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Her father may have left the Oval Office, but 18-year-old Malia Obama’s work has just begun. The former First Daughter attended a Dakota Access Pipeline protest at the Sundance Film Festival to show solidarity with the Standing Rock Sioux tribe. She joined protesters the same day President Donald Trump signed a presidential memorandum to start moving forward with the contested oil pipeline . Malia is planning to attend Harvard University this fall after a gap year, and reportedly obtained an internship with producer Harvey Weinstein recently. But she took the time to join an event expressing support for the Standing Rock Sioux, as it appears the fight against the Dakota Access Pipeline won’t be ending anytime soon. Related: Trump signs executive actions to reinstate Keystone and Dakota Access Pipeline In his last press conference, President Barack Obama said he didn’t think his daughters would pursue careers in politics , but did indicate they might be involved in social issues. He said, “I think that they have, in part through osmosis, in part through dinnertime conversations, appreciated the fact that this is a big, complicated country, and democracy is messy and it doesn’t always work exactly the way you might want…But if you’re engaged and you’re involved, then there are a lot more good people than bad in this country, and there’s a core decency to this country, and that they got to be a part of lifting that up. And I expect they will be. And in that sense, they are representative of this generation that makes me really optimistic.” Author Joshua Kendall, who’s written about presidents parenting, told The Christian Science Monitor First Children have spoken out on issues in the past, and Malia “is firmly in that tradition.” President Jimmy Carter’s daughter Amy participated in marches and was once arrested at an anti-Central Intelligence Agency demonstration. President Gerald Ford’s son Michael said Richard Nixon should confess his role in Watergate before his father pardoned Nixon. Via Grist and The Christian Science Monitor Images via Wikimedia Commons ( 1 , 2 )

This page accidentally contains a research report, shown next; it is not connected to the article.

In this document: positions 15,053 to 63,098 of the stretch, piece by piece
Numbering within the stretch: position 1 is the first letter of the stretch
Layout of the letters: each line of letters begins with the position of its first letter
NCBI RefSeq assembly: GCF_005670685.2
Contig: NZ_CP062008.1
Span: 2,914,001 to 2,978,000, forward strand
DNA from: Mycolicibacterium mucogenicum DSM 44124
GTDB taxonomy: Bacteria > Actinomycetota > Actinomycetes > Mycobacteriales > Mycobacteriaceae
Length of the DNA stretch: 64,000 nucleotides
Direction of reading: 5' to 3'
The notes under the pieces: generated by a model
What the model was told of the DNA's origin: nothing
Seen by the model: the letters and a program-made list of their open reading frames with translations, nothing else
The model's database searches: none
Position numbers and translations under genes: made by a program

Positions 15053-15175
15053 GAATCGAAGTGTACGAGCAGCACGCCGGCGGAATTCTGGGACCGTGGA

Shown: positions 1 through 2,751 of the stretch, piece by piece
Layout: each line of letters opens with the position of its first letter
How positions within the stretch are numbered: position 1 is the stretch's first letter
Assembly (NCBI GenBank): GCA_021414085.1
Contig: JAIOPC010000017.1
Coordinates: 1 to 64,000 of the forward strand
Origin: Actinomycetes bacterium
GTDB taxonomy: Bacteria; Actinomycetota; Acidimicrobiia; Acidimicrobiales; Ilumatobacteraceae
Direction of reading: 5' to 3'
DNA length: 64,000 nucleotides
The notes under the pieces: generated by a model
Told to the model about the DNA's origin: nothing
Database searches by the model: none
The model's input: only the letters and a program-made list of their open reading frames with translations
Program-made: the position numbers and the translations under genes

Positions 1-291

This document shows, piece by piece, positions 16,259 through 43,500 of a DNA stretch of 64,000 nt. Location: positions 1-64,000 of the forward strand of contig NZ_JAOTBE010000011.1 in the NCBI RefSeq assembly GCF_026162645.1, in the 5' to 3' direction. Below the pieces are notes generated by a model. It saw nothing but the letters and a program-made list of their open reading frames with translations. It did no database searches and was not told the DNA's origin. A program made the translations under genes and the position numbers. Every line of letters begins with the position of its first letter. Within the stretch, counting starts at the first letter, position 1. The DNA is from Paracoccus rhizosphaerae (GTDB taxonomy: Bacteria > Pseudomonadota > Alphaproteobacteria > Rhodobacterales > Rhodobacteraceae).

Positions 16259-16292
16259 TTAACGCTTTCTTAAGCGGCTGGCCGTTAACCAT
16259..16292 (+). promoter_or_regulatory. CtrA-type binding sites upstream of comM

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Malia Obama attends Dakota Access Pipeline protest

Can cameras embedded in their horns save rhinos from poachers?

July 21, 2015 by  
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A new plan to embed cameras in rhino horns is the latest effort to protect them from poachers. Although loved and admired around the world, the rhinoceros is an animal in peril. One of the last and largest remaining megafauna, it is a relic of a time when magnificent mammals ruled the world. Unfortunately, its time may be running out. With only 61 living individuals in 2013, the Javan Rhinoceros is one of the most endangered mammals on the planet and its cousins are not far behind. Only 25,000 African rhinos remain in the wild and scientists are relying on modern technology to protect them. The horn implant, called Protect RAPID (Real-time Anti-Poaching Intelligence Device), incorporates a camera, GPS, and heart-rate monitor to help conservationists capture poachers largely responsible for the demise of these ancient animals. Read the rest of Can cameras embedded in their horns save rhinos from poachers?

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Can cameras embedded in their horns save rhinos from poachers?

World’s first pocket spectrometer lets you measure the molecular makeup of anything

July 21, 2015 by  
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Click here to view the embedded video. SCiO is a new consumer device that instantly measures the molecular fingerprint of just about anything you see, and it fits in your pocket. Want to know the alcohol content of that beer you’re about to slurp down or how many grams of sugar are in your apple? This mini spectrometer will tell you. Equipped with some of the capabilities of large, heavy laboratory spectrometers, but built around the kind of optics used in cell phone cameras, the SCiO measures the light reflected off any given object, breaks down its spectrum, and then sends that information to the cloud. Consumer Physics ‘ unique algorithms immediately interpret the resulting data and the results show up on your cell phone within 5 seconds on a 3G connection. Designed to empower you with knowledge of your environment, medicine, food, and a near-infinite number of things, the SCiO will also allow you to participate in building the world’s first database of matter. Read the rest of World’s first pocket spectrometer lets you measure the molecular makeup of anything